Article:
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New Pilot Program Launched To Fast-Track Canadian Meat Products

The USDA recently launched a new pilot program that allows beef, pork and other meat products to fast-track the inspection process at the border, cutting down on both time and expenses. On paper, this new initiative might seem beneficial to both Canadian and American food manufacturers, but advocates  of the pilot program claim it takes away from a layer of protection that’s helping to reduce food-borne illness in the U.S. Of course the program is still in the early stages of testing, so it’s unclear whether or not the USDA will continue to use it, but it does raise some serious concerns.

Instead of forcing each and every Canadian meat company to stop at the border for inspection, this new pilot program allows them to ship directly to their destination. For instance, if Canadian beef provider is selling crates of ground beef to a burger company, they could ship it directly to them instead of having to go through the border inspection. There are a couple of requirements the meat companies must adhere to if they want to be eligible for this program, one of which is a track record with no previous health violations. If a company has been shut down or found in violation of Canada’s health code, they aren’t eligible to participate in this new fast-track program. In addition, Canadian meat companies must also conduct regular business in the U.S. and have a positive food compliance system.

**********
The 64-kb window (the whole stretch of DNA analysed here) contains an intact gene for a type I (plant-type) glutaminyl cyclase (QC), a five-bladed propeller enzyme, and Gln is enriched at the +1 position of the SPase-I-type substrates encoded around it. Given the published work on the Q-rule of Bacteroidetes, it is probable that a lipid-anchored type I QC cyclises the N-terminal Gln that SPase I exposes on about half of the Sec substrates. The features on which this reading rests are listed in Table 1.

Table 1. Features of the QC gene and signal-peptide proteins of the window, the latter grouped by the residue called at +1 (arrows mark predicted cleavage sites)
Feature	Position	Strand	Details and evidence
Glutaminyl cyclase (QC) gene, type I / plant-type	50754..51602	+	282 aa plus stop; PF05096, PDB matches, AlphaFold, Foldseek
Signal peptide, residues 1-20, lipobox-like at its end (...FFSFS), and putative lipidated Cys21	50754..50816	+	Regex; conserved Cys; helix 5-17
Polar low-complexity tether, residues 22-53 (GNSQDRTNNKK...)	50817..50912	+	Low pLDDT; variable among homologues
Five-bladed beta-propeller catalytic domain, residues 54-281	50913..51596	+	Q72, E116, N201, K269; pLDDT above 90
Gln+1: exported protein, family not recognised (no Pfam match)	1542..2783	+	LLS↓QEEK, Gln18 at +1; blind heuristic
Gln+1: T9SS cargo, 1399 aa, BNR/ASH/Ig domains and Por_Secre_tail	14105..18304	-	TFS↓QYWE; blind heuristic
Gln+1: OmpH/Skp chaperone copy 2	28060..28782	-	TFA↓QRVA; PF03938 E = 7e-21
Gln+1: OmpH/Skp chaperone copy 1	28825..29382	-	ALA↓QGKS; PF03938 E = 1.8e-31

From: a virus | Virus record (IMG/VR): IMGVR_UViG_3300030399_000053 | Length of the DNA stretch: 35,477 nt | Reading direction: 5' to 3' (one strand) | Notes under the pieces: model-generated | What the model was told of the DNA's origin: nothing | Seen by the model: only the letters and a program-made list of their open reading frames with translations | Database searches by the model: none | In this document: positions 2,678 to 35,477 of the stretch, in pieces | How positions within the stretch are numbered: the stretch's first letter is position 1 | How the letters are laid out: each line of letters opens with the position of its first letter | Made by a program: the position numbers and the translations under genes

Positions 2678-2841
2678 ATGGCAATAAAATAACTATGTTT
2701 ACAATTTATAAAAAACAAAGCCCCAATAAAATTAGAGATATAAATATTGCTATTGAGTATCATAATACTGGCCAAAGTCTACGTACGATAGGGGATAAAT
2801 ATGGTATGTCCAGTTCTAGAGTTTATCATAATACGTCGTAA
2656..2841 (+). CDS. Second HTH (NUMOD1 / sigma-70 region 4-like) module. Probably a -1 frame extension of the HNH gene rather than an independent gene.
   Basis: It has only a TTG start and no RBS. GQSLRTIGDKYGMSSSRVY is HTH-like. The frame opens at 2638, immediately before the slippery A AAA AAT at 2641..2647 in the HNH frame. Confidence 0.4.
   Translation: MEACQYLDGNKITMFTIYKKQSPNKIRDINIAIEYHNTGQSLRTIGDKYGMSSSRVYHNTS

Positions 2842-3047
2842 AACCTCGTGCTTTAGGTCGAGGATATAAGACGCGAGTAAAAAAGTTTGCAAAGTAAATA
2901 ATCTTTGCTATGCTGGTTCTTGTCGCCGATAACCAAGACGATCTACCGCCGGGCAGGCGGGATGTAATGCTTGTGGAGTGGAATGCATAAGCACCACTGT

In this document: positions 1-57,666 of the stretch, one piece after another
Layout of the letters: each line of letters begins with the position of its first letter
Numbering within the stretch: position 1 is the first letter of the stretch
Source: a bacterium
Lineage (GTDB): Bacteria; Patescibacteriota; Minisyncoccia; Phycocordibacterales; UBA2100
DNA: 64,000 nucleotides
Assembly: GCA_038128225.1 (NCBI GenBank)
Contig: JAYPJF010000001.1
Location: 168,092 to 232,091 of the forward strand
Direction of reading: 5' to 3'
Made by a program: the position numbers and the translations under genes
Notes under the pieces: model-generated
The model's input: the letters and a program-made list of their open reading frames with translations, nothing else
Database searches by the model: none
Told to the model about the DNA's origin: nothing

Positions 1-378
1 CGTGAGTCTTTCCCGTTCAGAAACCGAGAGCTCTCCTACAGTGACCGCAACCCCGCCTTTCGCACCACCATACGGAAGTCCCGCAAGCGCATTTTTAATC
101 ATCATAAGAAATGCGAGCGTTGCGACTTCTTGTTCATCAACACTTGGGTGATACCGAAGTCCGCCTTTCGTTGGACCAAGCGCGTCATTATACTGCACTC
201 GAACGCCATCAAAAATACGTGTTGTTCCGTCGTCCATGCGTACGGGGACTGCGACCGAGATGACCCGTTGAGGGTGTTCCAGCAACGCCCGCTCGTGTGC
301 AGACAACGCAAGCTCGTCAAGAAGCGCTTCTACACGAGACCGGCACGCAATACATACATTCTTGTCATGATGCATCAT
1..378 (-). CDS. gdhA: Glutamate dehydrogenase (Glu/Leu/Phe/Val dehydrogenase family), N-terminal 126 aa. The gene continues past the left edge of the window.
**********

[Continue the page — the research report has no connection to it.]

The main concern with this new fast-track program is that it will allow tainted meat products into the U.S. As you may already know, Canada isn’t known for their over-achieving standards when it comes to food inspections and safety. In fact, approximately 30% of Canadians suffer from some type of food-borne illness each year. These numbers are shocking to say the least, as only 20% of Americans fall victim to food-borne illness.

News of the USDA’s pilot program comes at a time when both US and Canadian companies have issued recalls for ground beef, placing an even greater strain on the integrity of the program. Canadian-based XL Foods recently issued a massive recall for ground beef that’s believed to have been contaminated with E-Coli.

Like most USDA programs, there are both advantages and disadvantages associated with their new fast-track pilot program. However, when it comes to the safety of U.S. citizens, we can’t take the easy way out by fast-tracking the importation of meat products. No matter where they come from, there needs to be a clear and decisive inspection to prevent food-borne illness.

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